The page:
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Lord Byron – Childe Harold Canto 4 part 8

October 18th, 2006 - No Responses

Child talks of “Oh Love! no inhabitant of earth thou art – an unseen serph, we believe in thee,…..”; he thinks “Of its own beauty is the mind diseased, and fevers into false creation…..”. He even goes so far as to say “Who loves, raves – ’tis youth’s frenzy – but the cure is bitterer still”. He laments “We wither from our youth, we gasp away – sick – sick…”, and “Few – none – find what they love or could have loved…”.

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Lord Byron – Childe Harold Canto 4 part 7

October 17th, 2006 - No Responses

“Because the deadly days that we have seen, and vile Ambition,… are grown the pretext for the eternal thrall which nips life’s tree, and dooms man’s worst – his second fall” is something that Childe has learned on his pilgrimage but he hopes “So shall a better spring less bitter fruit bring forth”. Over the grave of a lady he wonders “Was she as those who love their lords, or they who love the lords of others?”; “Did she lean to the soft side of her heart, or wisely bar love from among her griefs?”. He ponders if “Heaven gives its favourites – early death”.
To Childe “There woos no home, nor hope, nor life, save what is here”. And he finds “There is the moral of all human tales; ’tis but the same rehearsal of the past, first Freedom, and then Glory – when that fails, Wealth, vice, corruption, – barbarism at last.”.

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Lord Byron – Childe Harold Canto 4 part 6

October 17th, 2006 - No Responses

“Oh Rome! my country! city of the soul!” as Childe Harold falls in love with the destination of his pilgrimage, he finds “A world is at our feet as fragile as our clay”. His pilgrimage has taught him ” We but feel our way to err; the ocean hath his chart, the stars their map,…” but as for man “now we clap our hands, and cry ‘Eureka!’ it is clear – when but some false mirage of ruin rises near”. He longs for the world with “That brightness in her eye she bore when Rome was free!”; – “Her rush of wings – Oh ! she who was Almighty hail’d!”. Questioning the “she-wolf” mother, he asks “And thou, the thunder – stricken nurse of Rome!…. -dost thou yet guard thine immortal cubs, nor thy fond charge forget?”. He concludes “Life short, and truth a gem which loves the deep, and all things weigh’d in custom’s falsest scale;…”; Men “Bleed gladiator-like, and still engage within the same arena where they see their fellows fall before, like leaves of the same tree.”.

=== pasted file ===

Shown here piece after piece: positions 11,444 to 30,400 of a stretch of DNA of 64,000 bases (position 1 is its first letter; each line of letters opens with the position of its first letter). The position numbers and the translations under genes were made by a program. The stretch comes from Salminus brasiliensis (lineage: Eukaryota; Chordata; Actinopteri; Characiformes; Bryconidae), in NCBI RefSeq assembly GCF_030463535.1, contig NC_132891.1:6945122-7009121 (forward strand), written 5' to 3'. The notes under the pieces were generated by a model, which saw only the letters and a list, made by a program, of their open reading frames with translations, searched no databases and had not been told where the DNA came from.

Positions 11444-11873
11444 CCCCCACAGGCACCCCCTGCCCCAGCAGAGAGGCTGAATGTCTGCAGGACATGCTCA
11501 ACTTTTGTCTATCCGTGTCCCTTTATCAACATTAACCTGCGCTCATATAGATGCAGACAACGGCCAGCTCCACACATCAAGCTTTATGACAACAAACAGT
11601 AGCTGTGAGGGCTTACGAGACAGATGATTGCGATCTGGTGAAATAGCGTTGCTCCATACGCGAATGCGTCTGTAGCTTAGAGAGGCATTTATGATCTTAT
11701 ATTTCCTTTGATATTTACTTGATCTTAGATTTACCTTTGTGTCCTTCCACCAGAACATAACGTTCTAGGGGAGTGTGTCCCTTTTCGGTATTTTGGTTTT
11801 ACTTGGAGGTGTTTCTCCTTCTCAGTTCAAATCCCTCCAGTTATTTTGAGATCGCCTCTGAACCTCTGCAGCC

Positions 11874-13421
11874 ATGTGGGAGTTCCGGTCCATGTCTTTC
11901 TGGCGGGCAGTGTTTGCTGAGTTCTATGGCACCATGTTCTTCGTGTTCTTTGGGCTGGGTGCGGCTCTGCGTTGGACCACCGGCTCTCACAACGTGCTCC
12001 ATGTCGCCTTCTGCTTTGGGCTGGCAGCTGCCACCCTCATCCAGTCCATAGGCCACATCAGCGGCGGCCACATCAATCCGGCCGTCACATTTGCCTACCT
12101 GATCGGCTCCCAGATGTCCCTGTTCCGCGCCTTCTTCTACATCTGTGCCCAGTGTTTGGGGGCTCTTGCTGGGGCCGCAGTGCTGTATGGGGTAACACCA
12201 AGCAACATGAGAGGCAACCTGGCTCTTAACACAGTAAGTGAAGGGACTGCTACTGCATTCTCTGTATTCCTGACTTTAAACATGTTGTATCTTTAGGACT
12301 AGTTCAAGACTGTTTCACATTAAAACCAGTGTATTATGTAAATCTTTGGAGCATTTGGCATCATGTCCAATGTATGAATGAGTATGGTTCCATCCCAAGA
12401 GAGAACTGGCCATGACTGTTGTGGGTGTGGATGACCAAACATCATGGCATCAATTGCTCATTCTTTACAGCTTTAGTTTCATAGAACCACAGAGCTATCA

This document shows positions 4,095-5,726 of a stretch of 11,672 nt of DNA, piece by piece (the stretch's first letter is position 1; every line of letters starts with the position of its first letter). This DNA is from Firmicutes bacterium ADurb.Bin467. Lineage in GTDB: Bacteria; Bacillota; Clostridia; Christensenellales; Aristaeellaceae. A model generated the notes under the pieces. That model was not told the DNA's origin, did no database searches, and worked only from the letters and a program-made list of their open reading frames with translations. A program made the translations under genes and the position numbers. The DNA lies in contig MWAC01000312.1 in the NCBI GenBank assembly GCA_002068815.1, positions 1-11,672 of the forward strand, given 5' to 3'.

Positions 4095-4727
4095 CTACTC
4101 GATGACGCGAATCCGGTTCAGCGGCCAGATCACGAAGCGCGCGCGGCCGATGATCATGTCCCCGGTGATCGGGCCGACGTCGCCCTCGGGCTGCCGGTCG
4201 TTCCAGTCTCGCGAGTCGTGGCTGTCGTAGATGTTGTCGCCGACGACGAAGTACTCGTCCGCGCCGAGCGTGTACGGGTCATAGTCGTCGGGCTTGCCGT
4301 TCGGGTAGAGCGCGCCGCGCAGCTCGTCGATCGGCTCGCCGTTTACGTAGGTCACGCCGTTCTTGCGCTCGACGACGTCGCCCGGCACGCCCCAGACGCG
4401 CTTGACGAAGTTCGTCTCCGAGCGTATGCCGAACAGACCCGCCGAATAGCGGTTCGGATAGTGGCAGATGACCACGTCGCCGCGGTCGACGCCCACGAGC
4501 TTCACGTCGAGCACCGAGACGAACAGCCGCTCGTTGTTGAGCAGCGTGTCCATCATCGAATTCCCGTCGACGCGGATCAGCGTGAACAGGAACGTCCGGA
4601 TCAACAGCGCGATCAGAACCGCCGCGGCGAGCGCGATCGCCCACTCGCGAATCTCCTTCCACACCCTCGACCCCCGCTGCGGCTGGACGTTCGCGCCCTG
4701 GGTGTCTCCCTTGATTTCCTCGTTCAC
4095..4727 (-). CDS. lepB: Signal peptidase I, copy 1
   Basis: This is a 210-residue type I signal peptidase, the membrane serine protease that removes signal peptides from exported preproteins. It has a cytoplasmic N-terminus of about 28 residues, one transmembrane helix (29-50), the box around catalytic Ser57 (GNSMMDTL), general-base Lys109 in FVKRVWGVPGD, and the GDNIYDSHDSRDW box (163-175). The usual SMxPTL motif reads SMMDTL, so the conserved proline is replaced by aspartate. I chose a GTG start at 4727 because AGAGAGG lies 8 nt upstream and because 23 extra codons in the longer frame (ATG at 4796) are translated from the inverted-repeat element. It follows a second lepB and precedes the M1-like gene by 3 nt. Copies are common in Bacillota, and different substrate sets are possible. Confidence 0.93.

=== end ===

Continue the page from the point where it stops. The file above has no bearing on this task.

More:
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Lord Byron – Childe Harold Canto 4 part 5

October 15th, 2006 - No Responses

Childe, reminded of Rome’s greatest defeat by Hanibal, “Is of another temper, and I roam by Thrasimene’s Lake, in the defiles fatal to Roman rashness,…”; but following that he comes to “But thou, Clitumnus! in the sweetest wave of the most living crystal that was e’er the haunt of river nymph, … a mirror and a bath for Beauty’s youngest daughters!”. Down “Once more upon the woody Apennine’ he finds the river “Velino cleaves the wave-worn precipice; the fall of waters!” “Horribly beautiful!….Love matching Madness with unalterable mien.”.Childe wants to avoid “Aught that recalls the daily drug which turn’d my sickening memory;….”, nevertheless “Horace; whom I hated so,…. Although no deeper Moralist rehearse our little life, nor Bard prescribe his art, nor livelier Satirist the conscience pierce,….”